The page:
In 1349 it resumed in Paris, spread to Picardy, Flanders, and the Low Countries, and from England to Scotland and Ireland as well as to Norway, where a ghost ship with a cargo of wool and a dead crew drifted offshore until it ran aground near Bergen. From there the plague passed into Sweden, Denmark, Prussia, Iceland, and as far as Greenland. Leaving a strange pocket of immunity in Bohemia and Russia unattacked until 1351, it had passed from most of Europe by the mid-1350s. Although the mortality rate was erratic, ranging from one-fifth in some places to nine-tenths or almost total elimination in others, the overall estimate of modern demographers has settled—for the area extending from India to Iceland—around the same figure expressed in Froissart’s casual words: “A third of the world dies.” His estimate, the common one at the time, was not an inspired guess but a borrowing of St. John’s figure for mortality from the plague in Revelation, the favorite guide to human affairs of the Middle Ages.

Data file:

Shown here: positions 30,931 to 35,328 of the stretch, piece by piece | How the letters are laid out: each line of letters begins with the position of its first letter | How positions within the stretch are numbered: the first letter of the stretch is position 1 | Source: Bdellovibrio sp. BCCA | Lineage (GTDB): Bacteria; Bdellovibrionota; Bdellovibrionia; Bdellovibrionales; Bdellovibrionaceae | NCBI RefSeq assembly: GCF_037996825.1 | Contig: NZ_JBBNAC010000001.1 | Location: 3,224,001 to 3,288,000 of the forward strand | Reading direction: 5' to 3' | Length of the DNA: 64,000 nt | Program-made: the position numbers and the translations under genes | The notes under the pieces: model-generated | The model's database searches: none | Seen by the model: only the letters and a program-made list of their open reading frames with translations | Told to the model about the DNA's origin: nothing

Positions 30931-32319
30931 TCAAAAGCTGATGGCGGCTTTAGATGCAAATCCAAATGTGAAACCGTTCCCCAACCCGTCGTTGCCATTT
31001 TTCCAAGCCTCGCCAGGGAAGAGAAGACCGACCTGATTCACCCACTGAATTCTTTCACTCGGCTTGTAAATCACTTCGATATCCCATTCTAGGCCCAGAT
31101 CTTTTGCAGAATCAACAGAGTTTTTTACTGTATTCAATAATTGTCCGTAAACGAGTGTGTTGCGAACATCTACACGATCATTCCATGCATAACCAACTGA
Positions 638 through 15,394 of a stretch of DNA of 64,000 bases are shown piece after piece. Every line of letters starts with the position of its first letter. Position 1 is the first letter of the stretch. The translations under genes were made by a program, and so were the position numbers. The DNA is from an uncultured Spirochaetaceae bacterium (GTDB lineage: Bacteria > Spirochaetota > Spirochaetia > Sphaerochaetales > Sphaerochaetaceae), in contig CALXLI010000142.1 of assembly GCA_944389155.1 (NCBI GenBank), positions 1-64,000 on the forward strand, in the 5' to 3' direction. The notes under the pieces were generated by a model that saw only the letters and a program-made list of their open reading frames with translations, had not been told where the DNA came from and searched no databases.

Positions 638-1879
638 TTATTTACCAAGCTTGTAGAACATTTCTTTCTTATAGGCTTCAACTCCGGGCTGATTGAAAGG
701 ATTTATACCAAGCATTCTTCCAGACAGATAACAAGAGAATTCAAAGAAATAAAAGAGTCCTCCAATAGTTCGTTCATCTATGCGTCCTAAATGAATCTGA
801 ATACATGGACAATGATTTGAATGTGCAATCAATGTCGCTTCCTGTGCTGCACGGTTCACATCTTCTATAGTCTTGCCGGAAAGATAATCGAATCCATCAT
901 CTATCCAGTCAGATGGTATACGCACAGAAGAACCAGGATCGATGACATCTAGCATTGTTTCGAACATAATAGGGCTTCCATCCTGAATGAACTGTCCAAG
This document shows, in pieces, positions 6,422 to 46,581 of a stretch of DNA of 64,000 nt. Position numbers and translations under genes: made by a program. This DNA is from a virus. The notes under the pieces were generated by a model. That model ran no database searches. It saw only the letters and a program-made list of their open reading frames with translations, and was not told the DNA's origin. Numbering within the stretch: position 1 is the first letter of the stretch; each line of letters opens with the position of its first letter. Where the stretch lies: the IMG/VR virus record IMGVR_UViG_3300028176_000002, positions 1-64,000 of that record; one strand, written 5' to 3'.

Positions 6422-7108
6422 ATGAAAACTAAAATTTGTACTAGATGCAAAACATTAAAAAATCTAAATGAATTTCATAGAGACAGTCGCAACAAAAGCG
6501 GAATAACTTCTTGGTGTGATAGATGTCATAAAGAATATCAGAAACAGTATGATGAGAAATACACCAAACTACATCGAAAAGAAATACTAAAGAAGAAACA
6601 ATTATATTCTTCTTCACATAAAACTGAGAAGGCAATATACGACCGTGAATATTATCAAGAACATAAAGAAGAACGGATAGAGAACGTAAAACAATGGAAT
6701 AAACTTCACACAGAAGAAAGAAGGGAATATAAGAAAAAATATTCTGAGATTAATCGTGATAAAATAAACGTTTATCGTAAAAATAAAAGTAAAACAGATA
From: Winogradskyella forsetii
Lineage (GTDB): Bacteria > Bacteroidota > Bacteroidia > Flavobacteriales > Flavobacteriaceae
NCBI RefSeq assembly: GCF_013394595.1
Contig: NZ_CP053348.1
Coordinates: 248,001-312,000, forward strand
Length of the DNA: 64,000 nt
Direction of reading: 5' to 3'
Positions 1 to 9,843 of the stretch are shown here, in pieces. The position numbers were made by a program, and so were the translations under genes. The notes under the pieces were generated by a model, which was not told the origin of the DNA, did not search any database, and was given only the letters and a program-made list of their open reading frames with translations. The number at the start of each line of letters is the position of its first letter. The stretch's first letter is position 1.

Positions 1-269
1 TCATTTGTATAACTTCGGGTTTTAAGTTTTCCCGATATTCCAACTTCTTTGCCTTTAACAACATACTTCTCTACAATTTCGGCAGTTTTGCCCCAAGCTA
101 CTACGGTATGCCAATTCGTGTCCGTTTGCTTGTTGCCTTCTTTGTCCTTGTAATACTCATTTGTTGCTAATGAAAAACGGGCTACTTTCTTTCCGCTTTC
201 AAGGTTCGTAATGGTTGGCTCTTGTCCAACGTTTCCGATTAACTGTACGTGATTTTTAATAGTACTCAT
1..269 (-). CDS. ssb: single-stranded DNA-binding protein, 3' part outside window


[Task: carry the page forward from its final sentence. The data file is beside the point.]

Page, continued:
【題組】47 What does the underlined “it” in the first line refer to?
(A) The ghost ship
(B) The mortality
(C) The immunity
(D) The plague